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Home:  >Browse Listings   >Authors   >Norris, Gloria

Gloria Norris

A literary career defined for this Mississippian the makeup of her Southern roots as well as her roles as contemporary author and modern woman. Gloria Norris, who was born in Holcomb, Mississippi, in 1937, graduated magna cum laude from the University of Southern Mississippi and received an M.A. from Ohio State University. She moved through the literary world both as editor-in-chief and judge of the Book of the Month Club and as the author of her own collection of short stories, Three Stories; a well-received novel, Looking for Bobby; a non-fiction book, The Working Mother's Complete Handbook; and two anthologies.

Her entry into the publishing world began with her New York position as editor-in-chief of the Book of the Month Club in which she claims that a recognition of the difference between "knowing what sells" and knowing "the bubbling in [her] subconscious all along" helped her find her own source of inspiration in the creation of her first novel, Looking for Bobby. Through the youthful hero of a Southern childhood, Norris concentrates within this novel on the modern Southerner's dilemma of leaving behind ways of life that apply to the South of the '30s and '40s while preserving the value and singularity of a past culture.

Gloria Norris's next work of highly praised fiction, Three Stories, features short stories of the same caliber as those which won the O. Henry Prize Stories — "When the Lord Calls," "Revive Us Again," and "Holding On" — in 1983, 1984, and 1986. Her short stories have appeared in The Sewanee Review, among other magazines and journals. In 1983 the Ladies' Home Journal named Norris one of "America's 100 Most Important Women." Her own crafted fiction was published in the same year as a collection of contemporary short stories in which Norris presented selections chosen by the authors. New American Short Stories: Writers Select Their Own Favorites for The New American Library, edited by Norris, includes a host of canonical and little recognized authors as well as an introductory critical analysis of each text. Norris insists in a later interview that it is with this collection that she learned not only "a great deal of contemporary technique" in fiction writing but, on a larger scale, as she states in her introduction to the collection, the way fictional characters "enlarge our own experience and understanding of life."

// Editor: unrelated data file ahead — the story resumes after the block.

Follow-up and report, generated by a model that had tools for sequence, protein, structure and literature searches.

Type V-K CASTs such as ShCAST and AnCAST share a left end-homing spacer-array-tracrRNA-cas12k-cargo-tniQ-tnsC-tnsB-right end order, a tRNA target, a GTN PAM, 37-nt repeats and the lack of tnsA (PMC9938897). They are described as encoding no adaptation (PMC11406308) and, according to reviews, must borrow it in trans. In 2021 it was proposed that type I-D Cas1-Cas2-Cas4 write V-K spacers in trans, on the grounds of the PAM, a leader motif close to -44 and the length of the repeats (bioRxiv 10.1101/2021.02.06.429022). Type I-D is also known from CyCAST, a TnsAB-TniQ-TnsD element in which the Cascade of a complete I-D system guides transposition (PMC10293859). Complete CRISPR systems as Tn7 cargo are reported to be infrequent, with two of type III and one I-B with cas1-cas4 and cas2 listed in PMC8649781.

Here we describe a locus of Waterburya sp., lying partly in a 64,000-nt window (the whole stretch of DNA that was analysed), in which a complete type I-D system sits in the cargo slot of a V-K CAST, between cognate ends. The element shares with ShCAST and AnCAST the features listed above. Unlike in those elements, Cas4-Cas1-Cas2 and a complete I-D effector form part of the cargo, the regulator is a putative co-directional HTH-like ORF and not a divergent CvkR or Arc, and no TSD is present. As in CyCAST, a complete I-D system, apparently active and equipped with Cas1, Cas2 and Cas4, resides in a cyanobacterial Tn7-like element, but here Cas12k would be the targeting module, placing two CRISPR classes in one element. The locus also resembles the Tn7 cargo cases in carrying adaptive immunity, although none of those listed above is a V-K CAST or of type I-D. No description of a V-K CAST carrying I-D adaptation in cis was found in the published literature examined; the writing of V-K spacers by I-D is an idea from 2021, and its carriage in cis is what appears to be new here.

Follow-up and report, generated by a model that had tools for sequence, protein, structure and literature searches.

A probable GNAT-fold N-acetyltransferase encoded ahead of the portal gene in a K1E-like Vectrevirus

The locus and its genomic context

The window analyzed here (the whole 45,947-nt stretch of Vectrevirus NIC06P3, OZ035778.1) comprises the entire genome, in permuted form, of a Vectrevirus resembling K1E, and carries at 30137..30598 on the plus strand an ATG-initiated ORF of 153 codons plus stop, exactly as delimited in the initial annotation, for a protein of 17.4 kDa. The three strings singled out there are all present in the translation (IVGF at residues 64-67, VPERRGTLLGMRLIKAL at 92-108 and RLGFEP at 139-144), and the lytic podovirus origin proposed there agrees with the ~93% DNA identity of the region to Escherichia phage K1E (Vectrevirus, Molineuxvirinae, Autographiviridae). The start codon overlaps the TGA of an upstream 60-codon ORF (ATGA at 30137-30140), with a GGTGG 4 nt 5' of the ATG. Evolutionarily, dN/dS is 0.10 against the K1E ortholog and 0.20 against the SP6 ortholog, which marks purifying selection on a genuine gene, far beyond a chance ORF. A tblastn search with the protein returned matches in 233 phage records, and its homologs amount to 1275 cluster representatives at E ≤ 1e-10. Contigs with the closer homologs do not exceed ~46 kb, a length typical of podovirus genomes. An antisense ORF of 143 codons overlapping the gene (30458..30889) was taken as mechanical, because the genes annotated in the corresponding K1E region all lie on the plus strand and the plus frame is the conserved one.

The latest anthology edited by Gloria Norris, The Seasons of Women, comprises a collection of personal essays, memoirs, and stories by American women who, through the seasons of their lives, rewrite their wisdom and journeys, passion and sorrow, loss and triumph. This publication represents for Norris, as she shares in the introduction, the "universal, though infinitely varied, experiences of women" as well as autobiographical forms that enable her personal discovery and revised understanding of her role as a woman and a writer. Gloria Norris's versatility in the literary world as short-story writer, novelist, non-fiction writer, editor, and national book club executive marks the journey and triumph that she so keenly recognizes in the many characters of her most recent contribution to her field.

Related Links & Info

Find out Norris's views about the modern novelist in 1967 at this 1967 Cultural Highlights page at the Book-of-the-Month Club web site.


  • Looking for Bobby (novel). New York: Knopf, 1985.
  • Three Stories. New York: Turnipseed Press, 1986.

  • The Working Mother's Complete Handbook. New York : Dutton, 1979.

Anthologies edited by Gloria Norris:
  • New American Short Stories: Writers Select Their Own Favorites. New York: New American Library, 1986.
  • The Seasons of Women: An Anthology. New York : W.W. Norton, 1996.


Biographical Sources:
  • Abbott, Dorothy, ed. Mississippi Writers: Reflections of Childhood and Youth, Volume I Fiction. Jackson: University Press of Mississippi, 1985.
  • Hilton, Anderson. "An Interview with Gloria Norris." Notes on Mississippi Writers 19 (1987): 15-22.

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